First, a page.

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Citizen science is an important way in which diverse groups of people can participate in research and innovation, whether through collecting data, analysing data or helping researchers and innovators to develop better questions. 

Citizen science can potentially add value to almost any project. Yet embedding citizen science methods into the routine way that science is done requires a capacity building approach, where projects that are unfamiliar with citizen science are supported to assess their capacity and need for citizen science.

As part of UKRI's long-term commitment to citizen science in their public engagement vision, this scheme offers up to  £20,000 (100% fEC) to allow researchers to develop pilot projects to build citizen science capacity into their work.

These projects must be conducted between 16 December 2019 and 30 April 2020. This could form the basis of future projects which may be supported through other funding sources, including through a proposed follow-up phase of UKRI funding from 2020-2023.

Potential successful projects (but not limited to) might include:

  • Exploring options for crowdsourced data collection
     
  • Small pilots to test whether working with volunteers to analyse existing datasets can add value to the project
     
  • Open/inclusive innovation – exploring options for companies and researchers to involve those who will benefit from the research in the development and testing of products
     
  • Collaboration with communities to test approaches to co-designing research questions
     
  • Digital innovation pilots in citizen science, with a focus on testing or extending the functionality of existing tools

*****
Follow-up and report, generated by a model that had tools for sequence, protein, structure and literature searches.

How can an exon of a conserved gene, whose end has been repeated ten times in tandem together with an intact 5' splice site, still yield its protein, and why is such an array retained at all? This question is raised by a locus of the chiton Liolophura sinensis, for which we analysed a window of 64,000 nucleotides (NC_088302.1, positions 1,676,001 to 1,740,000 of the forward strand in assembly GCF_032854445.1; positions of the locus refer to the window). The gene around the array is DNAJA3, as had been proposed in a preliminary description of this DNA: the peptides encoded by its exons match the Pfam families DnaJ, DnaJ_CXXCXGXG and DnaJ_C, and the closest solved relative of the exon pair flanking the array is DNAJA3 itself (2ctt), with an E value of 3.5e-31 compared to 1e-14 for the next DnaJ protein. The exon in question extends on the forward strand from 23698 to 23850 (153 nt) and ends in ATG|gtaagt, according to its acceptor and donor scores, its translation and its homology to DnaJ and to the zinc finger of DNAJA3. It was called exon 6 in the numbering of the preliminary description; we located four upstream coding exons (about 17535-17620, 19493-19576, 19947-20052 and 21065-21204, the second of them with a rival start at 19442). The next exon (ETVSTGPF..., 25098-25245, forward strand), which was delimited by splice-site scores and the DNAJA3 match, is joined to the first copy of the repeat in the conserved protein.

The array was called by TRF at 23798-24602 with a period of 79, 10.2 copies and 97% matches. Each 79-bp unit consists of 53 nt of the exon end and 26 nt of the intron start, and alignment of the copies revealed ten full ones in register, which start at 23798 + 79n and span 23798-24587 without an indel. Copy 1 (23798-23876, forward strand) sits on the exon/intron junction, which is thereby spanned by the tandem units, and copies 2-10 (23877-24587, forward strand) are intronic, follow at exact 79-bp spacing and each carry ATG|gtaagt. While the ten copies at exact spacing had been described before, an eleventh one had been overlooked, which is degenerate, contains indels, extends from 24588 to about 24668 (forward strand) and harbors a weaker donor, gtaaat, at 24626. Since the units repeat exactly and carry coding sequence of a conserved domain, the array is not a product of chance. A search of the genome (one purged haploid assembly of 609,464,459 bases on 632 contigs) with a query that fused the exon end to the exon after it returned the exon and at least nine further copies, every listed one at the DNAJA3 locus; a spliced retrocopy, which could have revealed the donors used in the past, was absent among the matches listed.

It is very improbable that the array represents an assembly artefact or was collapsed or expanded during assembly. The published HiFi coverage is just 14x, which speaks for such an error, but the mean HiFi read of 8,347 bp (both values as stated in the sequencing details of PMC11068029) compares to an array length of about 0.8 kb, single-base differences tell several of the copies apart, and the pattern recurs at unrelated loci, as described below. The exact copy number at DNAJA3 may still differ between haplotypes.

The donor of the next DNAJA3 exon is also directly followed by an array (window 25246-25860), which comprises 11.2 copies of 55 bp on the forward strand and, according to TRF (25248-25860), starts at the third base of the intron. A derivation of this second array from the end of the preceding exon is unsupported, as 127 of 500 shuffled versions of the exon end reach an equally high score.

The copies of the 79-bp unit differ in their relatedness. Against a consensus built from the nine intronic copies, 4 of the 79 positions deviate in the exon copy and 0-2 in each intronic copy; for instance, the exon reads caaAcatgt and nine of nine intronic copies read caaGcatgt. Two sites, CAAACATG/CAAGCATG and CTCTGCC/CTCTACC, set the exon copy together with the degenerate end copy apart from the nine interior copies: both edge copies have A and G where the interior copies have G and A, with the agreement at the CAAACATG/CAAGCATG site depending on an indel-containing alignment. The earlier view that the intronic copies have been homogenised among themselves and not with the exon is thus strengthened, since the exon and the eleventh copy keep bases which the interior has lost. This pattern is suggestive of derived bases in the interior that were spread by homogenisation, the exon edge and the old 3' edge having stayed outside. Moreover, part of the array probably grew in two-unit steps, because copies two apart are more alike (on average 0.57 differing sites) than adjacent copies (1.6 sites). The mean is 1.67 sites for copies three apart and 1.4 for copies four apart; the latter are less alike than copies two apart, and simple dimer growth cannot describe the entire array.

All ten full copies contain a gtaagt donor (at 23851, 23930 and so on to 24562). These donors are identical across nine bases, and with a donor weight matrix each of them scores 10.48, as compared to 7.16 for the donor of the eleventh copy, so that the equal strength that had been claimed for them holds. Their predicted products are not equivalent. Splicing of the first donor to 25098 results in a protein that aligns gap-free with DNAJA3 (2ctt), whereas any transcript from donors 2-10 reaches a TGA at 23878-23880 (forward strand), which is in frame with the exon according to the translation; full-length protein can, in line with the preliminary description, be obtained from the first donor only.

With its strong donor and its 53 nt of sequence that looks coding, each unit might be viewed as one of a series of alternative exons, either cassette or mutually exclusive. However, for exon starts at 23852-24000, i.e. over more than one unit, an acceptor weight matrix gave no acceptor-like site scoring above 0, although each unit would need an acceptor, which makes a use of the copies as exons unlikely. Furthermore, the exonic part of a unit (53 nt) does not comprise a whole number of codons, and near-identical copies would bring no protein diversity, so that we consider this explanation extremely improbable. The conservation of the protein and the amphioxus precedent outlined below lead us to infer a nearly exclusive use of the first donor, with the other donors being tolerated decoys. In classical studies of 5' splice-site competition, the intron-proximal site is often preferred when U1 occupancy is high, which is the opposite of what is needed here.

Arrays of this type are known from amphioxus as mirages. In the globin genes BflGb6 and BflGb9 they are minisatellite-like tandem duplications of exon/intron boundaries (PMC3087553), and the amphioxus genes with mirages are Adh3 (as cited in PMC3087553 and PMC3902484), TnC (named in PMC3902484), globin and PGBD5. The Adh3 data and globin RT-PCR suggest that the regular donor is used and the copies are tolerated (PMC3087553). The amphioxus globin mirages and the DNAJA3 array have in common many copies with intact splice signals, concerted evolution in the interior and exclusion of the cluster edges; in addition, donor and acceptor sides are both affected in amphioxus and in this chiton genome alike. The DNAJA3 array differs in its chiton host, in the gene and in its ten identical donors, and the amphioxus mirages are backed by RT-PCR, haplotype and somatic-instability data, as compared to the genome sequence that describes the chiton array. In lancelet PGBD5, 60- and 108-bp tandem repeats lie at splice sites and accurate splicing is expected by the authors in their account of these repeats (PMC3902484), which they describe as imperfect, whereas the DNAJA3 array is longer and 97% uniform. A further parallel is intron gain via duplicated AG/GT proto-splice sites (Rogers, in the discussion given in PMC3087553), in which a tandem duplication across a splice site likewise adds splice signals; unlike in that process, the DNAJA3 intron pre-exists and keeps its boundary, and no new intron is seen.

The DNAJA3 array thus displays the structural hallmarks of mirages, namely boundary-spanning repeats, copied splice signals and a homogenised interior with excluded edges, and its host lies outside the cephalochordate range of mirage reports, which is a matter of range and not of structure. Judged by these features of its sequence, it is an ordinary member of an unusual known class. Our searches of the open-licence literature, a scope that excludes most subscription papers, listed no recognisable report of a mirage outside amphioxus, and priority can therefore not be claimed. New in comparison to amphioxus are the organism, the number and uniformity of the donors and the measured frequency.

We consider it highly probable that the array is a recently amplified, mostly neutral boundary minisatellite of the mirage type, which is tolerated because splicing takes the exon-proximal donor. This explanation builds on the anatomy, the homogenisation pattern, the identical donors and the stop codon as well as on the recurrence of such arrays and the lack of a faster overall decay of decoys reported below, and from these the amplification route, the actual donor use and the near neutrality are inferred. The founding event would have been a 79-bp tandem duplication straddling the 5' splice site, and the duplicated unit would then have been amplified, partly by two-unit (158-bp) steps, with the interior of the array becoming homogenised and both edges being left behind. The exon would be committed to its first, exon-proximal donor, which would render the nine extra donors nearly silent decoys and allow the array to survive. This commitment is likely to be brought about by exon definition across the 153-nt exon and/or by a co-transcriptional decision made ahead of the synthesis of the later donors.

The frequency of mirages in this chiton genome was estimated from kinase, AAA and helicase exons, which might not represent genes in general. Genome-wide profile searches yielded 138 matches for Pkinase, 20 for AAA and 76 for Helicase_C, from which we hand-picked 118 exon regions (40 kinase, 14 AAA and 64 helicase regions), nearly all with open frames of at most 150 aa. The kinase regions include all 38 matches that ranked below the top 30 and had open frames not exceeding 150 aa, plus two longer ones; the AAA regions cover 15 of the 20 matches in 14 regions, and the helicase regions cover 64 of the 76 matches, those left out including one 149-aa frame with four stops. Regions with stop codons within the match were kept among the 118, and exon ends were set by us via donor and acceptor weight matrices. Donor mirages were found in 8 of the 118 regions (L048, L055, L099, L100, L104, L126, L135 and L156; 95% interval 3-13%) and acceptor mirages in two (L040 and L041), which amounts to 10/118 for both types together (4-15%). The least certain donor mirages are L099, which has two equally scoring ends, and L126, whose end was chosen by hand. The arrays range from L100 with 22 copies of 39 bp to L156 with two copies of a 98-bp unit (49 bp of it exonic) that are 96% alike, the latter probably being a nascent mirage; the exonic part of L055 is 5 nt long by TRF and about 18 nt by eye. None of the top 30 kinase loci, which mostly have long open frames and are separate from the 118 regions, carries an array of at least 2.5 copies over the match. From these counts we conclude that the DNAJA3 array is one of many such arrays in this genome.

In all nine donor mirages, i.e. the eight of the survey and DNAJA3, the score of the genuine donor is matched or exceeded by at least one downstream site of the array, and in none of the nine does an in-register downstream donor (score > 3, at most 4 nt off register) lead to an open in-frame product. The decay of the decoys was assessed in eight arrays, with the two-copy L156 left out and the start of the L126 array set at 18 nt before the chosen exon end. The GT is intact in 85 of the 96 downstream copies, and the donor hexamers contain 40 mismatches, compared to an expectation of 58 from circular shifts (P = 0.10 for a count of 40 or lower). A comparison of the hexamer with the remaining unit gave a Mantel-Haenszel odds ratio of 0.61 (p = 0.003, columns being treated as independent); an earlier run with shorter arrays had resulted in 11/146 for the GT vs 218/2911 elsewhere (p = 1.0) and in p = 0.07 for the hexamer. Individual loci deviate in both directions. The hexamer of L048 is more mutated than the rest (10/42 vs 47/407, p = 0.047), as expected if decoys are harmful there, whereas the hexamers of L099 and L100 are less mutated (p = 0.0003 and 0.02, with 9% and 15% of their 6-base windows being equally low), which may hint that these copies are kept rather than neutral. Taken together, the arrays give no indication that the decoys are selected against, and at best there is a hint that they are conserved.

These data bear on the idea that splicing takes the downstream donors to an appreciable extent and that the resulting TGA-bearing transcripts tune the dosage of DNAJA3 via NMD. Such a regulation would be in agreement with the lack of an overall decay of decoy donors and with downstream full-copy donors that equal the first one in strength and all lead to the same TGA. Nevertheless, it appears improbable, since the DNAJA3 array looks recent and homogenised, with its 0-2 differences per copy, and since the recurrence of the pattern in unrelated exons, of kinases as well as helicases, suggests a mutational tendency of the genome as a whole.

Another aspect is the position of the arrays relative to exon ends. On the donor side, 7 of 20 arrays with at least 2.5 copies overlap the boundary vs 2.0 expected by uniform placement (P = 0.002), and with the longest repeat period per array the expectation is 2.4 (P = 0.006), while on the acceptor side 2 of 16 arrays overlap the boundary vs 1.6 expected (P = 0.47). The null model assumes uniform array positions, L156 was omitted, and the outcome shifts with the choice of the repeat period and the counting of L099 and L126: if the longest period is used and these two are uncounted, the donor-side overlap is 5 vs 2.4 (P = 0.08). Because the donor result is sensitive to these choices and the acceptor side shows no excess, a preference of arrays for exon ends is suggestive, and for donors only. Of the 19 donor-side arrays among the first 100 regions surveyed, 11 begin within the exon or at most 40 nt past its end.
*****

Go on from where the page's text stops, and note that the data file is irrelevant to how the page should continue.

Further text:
• Exploring innovative approaches that focus on removing the barriers to public participation in research such as overcoming the challenges of volunteer management

To develop such projects, successful applicants will be expected to undertake activities such as capacity building work, small proof of concept pilots, and/or collaborative workshops to explore project ideas, data sources or volunteer opportunities.

Lead applicants must be an active UKRI grant holder 

Proposed collaborations with existing established citizen science projects and practitioners are also strongly encouraged. However, it is not the intention of the call to give follow-on funding to existing citizen science projects.

Proposals will be assessed on the following criteria:

  1. Articulation of vision for achieving the programme outcomes
  2. Composition and appropriateness of proposed project team to be developed in exploratory stage of the project
  3. Quality and appropriateness of proposed approach for delivering outcomes for this programme including:
    1. A demonstrable commitment to exploring the potential of the appropriate citizen science methods for your project
    2. A demonstrable commitment to building the appropriate partnerships to deliver your project
    3. A clear connection to one of UKRI’s key strategic areas, or areas of the Strategic Priority Fund remit
    4. Innovative approaches to using citizen science methods
  4. Where appropriate, quality of plans to deliver pilot citizen science activities that will inform further development of your project
  5. Excellence and feasibility of the proposed project
  6. Appropriateness of project costing, with the expectation that a proportion of the grant is allocated to capacity building and funding of experts’ time.

 

The call opens October 1st and the deadline is midnight 12 Nov 2019.

Full information and application